Mélodie Mousset's installation and sculpture combined with Zachary Sharrin's cheorography and Kristín Þóra Haraldsdóttr's audio performance scores makes for an incredible viewing experience. Drawing on texts from art criticism and popular culture, the Who For/What For project examines paradoxes of artistic inspiration and production, as well as its social, political and ontological aspirations and limitations.
Performers: Mélodie Mousset, Zachary Sharrin, Kristín Þóra Haraldsdóttr, Rachel Boyajian, Cameron Evans, Princess Mecca Romero and Andrew Wojtal
Last night's dance event consisted of three performances: Symbiosis Mutualism; a,e,i,o,u,y; and a person I once was. To hear the dancers talk about their projects click here.
Choreographers: Jordan Saenz, Cameron Evans, Princess Mecca Romero Dancers: Cameron Evans, Princess Mecca Romero Composer: Louis Lopez Costume Designer: Lynne Marie Martens
Symbiosis Mutualism is based on an exploration of human interaction with horses. The bond between the two forms creates a single operational being. The process of learning about each other and developing a movement vocabulary based on the attempt to form one living organism and create a synchronized process of becoming one being. The result of the interaction is mutual clarity and peace, and the bond between the two becomes a symbol of friendship, love and partnership. As trust and connection build, this bond grows stronger over time.
Choreographer/dancer: Andrew Wojtal Music: “Coffee Stains and Beer” by Magestic Star Costume Designer: Andrew Wojtal
a,e,i,o,u,y is a multilayered work that braids together different forms of physical theatre to express a singular energy through variously accrued mediums. Specifically a,e,i,o,u,y functions as a mechanism for coping or mending an area of emptiness while simultaneously functioning as a display of the age-old dichotomy between loving to live, or living to love. Through support for the common man and woman’s entanglement in this dichotomy, a,e,i,o,u,y is an all-accommodating confession that acknowledges loss as the necessary means of understanding gain.
a person I once was
Choreography: Rachel Boyajian
Dancers: Cameron Evans, Princess Mecca Romero and Andrew Wojtal Original Music Composition: Louis Lopez Costume Design: Silvanne Park Lighting Design: Nick Percell
Through a distinct choreographic language and keen sense of invention, a person I once was explores the fragility of human cognition and acuity. Featuring three dancers and original music by Louis Lopez, a person I once was is a new work created by Rachel Boyajian.
This morning Irit Rogoff gave a talk on the notion of the Public. Her work attempts to diagnose ways in which the public is being reconsidered and re-presented--particularly in relation to our 'contemporaneity'. Of particular interest were her thoughts on the documentary trend in contemporary art and how this trend allows the public to emerge through a (shared?) 'struggle to survive'. After her talk, she joined us for a group crit of the Expanded Archive. We will be posting video of her lecture on this page shortly.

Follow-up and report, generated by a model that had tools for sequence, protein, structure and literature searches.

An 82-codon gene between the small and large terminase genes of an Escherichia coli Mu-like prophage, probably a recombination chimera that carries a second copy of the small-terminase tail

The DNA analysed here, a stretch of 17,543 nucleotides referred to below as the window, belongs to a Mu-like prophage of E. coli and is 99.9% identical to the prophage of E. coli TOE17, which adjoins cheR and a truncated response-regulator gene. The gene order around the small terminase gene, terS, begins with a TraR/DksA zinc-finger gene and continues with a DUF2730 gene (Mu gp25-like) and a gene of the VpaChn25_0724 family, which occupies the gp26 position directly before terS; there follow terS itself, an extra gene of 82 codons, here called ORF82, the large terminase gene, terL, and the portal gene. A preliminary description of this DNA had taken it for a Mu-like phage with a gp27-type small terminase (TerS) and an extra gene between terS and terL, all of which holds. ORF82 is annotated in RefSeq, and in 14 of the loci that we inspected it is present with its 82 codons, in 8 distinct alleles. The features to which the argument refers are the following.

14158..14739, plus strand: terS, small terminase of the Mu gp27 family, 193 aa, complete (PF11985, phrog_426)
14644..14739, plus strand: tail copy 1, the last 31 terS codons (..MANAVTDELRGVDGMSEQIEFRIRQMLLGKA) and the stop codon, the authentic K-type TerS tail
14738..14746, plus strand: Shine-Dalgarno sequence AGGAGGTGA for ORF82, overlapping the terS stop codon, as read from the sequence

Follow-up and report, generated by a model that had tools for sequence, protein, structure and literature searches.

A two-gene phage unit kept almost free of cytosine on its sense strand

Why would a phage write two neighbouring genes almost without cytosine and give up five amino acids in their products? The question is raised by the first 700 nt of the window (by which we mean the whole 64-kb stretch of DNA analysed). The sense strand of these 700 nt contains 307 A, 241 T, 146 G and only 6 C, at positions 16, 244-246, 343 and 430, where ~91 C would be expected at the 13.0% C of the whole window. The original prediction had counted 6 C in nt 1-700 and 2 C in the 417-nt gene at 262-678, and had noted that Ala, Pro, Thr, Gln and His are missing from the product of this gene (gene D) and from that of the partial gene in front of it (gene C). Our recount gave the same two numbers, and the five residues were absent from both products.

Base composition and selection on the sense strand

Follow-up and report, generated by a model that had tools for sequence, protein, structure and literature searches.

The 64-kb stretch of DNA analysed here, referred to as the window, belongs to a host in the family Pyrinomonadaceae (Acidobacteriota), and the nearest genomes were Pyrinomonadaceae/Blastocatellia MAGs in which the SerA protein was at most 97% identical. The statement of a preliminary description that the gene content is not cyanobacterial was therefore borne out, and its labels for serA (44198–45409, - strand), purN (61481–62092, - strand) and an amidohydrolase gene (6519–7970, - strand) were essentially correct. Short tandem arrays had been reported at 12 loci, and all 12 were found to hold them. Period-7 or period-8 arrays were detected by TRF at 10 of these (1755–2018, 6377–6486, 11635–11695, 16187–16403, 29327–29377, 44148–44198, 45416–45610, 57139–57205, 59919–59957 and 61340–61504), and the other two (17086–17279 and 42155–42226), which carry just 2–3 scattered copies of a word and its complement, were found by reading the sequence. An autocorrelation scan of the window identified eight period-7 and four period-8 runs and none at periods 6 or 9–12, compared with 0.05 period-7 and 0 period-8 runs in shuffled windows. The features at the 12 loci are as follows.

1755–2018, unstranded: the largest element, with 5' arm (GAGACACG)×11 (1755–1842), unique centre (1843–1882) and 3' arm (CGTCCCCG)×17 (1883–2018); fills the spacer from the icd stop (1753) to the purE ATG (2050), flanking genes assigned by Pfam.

We were able to follow artist Fiona Conner as she installed some of her pieces from Concrete Situations. Her sculptural work deals with (dis)placement when viewing art in relation to its surrounding materials. Questions of authenticity and functionality become rooted in the quest for an aesthetic experience. Differentiation and appreciation are both grounded in her permanent additions to the existing concrete structures of PACT. Conner will be conducting informal walks around the PACT facilities in order to point out the individual works.
Thinker, writer, and video artist Jalal Toufic came to speak this morning as part of the CalArts Plays Itself symposium. His lecture titled Don’t Go to Hell for the Sake of Finishing Watching the Film raised some interesting concerns. Ultimately, Toufic's paper requests that we as film-viewers question the value of an "aesthetic" experience when it places us in direct relationship with evil.
Following his talk in the SAANA building, Toufic visited some of the installations at PACT. Students were able to continue the conversation within the context of their own art practices. Our discussions will continue tomorrow at 10:00 with Irit Rogoff's talk Public. For a complete description please visit our symposium page.
Through these three improv sessions, Archie Carey (bassoon) and Heather Lockie (viola) explore all the subtle and wonderful acoustics that PACT Zollverein has to offer. This site-specific blog exclusive exemplifies the process-centered approach to art making featured at CalArts Plays Itself.
This is not the first time Ellen Reid has been to PACT. In 2010-2011 she was one of two CalArts students sent to the Feldstärke Residency program in Paris (CENTQUATRE), Essen (PACT Zollverein), and Istanbul (¨cˇu’m„a*). Her piece for CalArts Plays Itself is titled Lonely Traveler and is a site-specific installation focusing on international sounds and how individuals experience them personally.